Frank Perdue had his doubts about whether or not this move into retailing would succeed, but he would soon find himself pleasantly surprised. For one thing, Perdue Farms held a significant advantage over its major competitors in that it had easy access to the major urban markets of the Eastern Seaboard, since Salisbury was a several-hour truck ride away from New York, Philadelphia, and Washington, D.C., and an overnight drive from Boston and Hartford. Secondly, the companys redoubled efforts to produce high-quality chickens paid off. To ensure that he could grow birds that were more tender than the rest, Perdue hired two professors from North Carolina State University to write a computer program that would supervise the feeding of his chickens, establishing formulae that would keep the birds as healthy as possible at each stage of their growth.

Advertising Increases Sales in the 1970s and 1980s

Finally, and perhaps most importantly, advertising generated consumer awareness of the Perdue brand name beyond the companys fondest expectations. In 1972 the company hired Scali McCabe Sloves, a small New York agency, to handle its advertising; in turn, the agency made perhaps the most fateful decision in the history of Perdue Farmsputting Franklin Parsons Perdue himself on the air. In print, on radio, and on television, the voice and visage of Frank Perdue became a known presence in the northeastern United States almost from the very start. Inc. described him as a most unlikely corporate spokesmanslender, laconic, whiny-voiced, balding, droopy-lidded, long-nosedbut Perdues earnest appeals based on the quality of his product proved to be effective. Business Week once wrote that he possessed all the fervor and sincerity of a Southern preacher in his television commercials.

Catchy slogans also helped. One print advertisement that ran in the early 1970s showed a stern-visaged Perdue with his arms folded and standing beneath the words, Everybodys chickens are approved by the government. But my chickens are also approved by me. In a lighter vein, another Perdue ad instructed housewives, If your husband is a breast or leg man, ask for my chicken parts. Perdue may have uttered the most immortal of all his slogans, however, when he informed his audience that it takes a tough man to make a tender chicken.

Perdues success as a frontman for his own company in major media markets during the 1970s and 1980s, in fact, inspired advertising agencies to make pitchmen out of other chief executive officers, including Eastern Airlines Frank Borman and Chryslers Lee iacocca. It also drew the attention of New York City Mayor Edward Koch, himself something of a Frank Perdue look-alike and no stranger to the value of publicity, who once called Perdue an upper-echelon chicken guy.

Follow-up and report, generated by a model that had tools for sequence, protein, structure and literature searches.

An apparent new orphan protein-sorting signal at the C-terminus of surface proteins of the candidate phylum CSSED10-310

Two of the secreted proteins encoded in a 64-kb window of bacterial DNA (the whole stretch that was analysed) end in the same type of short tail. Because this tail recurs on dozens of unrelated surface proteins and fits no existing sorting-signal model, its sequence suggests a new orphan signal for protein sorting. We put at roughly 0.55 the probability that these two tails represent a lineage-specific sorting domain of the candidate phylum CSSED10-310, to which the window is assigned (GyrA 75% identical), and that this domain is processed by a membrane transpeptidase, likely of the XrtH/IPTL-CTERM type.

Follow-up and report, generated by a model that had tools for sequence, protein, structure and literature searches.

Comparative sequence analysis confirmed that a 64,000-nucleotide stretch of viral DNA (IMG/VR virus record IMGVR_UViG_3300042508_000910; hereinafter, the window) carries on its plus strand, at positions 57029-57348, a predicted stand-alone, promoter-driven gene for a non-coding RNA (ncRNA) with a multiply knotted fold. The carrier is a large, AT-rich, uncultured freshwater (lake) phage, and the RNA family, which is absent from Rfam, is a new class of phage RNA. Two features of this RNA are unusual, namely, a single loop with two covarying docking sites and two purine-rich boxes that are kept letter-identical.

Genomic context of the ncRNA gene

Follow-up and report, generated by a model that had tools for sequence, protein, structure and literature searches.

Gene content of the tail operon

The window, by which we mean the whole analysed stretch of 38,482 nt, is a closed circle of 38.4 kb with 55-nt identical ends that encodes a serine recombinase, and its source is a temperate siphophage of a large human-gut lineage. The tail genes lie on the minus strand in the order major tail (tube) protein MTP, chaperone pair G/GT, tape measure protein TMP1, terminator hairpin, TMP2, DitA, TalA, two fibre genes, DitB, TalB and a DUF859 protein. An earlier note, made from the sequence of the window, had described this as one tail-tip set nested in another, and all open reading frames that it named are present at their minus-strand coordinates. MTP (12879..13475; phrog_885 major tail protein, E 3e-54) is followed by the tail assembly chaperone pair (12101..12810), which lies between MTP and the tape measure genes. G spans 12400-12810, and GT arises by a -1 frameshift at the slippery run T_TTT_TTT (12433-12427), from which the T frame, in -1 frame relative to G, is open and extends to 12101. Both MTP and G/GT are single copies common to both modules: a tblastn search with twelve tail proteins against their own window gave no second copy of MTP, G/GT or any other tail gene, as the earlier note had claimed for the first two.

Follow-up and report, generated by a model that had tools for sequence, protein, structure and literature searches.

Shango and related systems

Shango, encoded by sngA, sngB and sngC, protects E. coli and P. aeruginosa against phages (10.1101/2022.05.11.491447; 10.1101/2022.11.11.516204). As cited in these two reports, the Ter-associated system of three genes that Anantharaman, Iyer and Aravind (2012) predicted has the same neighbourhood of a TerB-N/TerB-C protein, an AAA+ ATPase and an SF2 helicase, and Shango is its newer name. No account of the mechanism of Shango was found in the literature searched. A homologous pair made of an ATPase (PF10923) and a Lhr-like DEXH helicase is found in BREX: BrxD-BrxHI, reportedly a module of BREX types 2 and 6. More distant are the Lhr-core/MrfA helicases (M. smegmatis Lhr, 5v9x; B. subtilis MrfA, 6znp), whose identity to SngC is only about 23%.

But this transformation of a Maryland chicken farmer into a media icon would have meant nothing if it had not inspired more people to buy Perdue chickens. Between 1972 and 1984, Perdue Farms sales doubled every two years. By the end of that period, the company was selling 260 million birds per year and generating revenues of more than $500 million. This success made Perdue Farms one of the 50 largest private companies in the United States.

Arthur Perdue died in 1977 at the age of 91. He had never really retired from the company that his son now ran; he retained the position of chairman and came to the office every day until the end of his life. Frank Perdue officially succeeded him as chairman in 1979.

Company Perspectives:

Our branded chicken and turkey products are sold in retail supermarkets, grocery stores, and quality butcher shops from Maine to Florida, and as far west as Chicago and St. Louisa market area encompassing almost 40 percent of the nations population. Food service chicken and turkey products are sold nationwide, and Perdues international operations export to more than 30 countries around the world.

Competition with Holly Farms

While Perdue Farms was riding the increasing popularity, of both its pitchman/chief executive officer and its chicken, to success and fortune, the company did not by any means escape the notice of its competitors. Its main rival was North Carolina-based Holly Farms, which later became a subsidiary of Tyson Foods. Holly Farms was a much larger company than Perdue Farms and sold chicken to a nationwide market. Perdue Farms was its main competitor in the lucrative Northeast. As early as 1971, Holly Farms watched the Perdue experiment in selling at the retail level under its own brand name with great interest and concluded that Perdue Farms could be beatenat least in part because Perdue Farms was pricing its broilers as high as ten cents per pound above other brands. That year, Holly Farms began selling under its own brand name.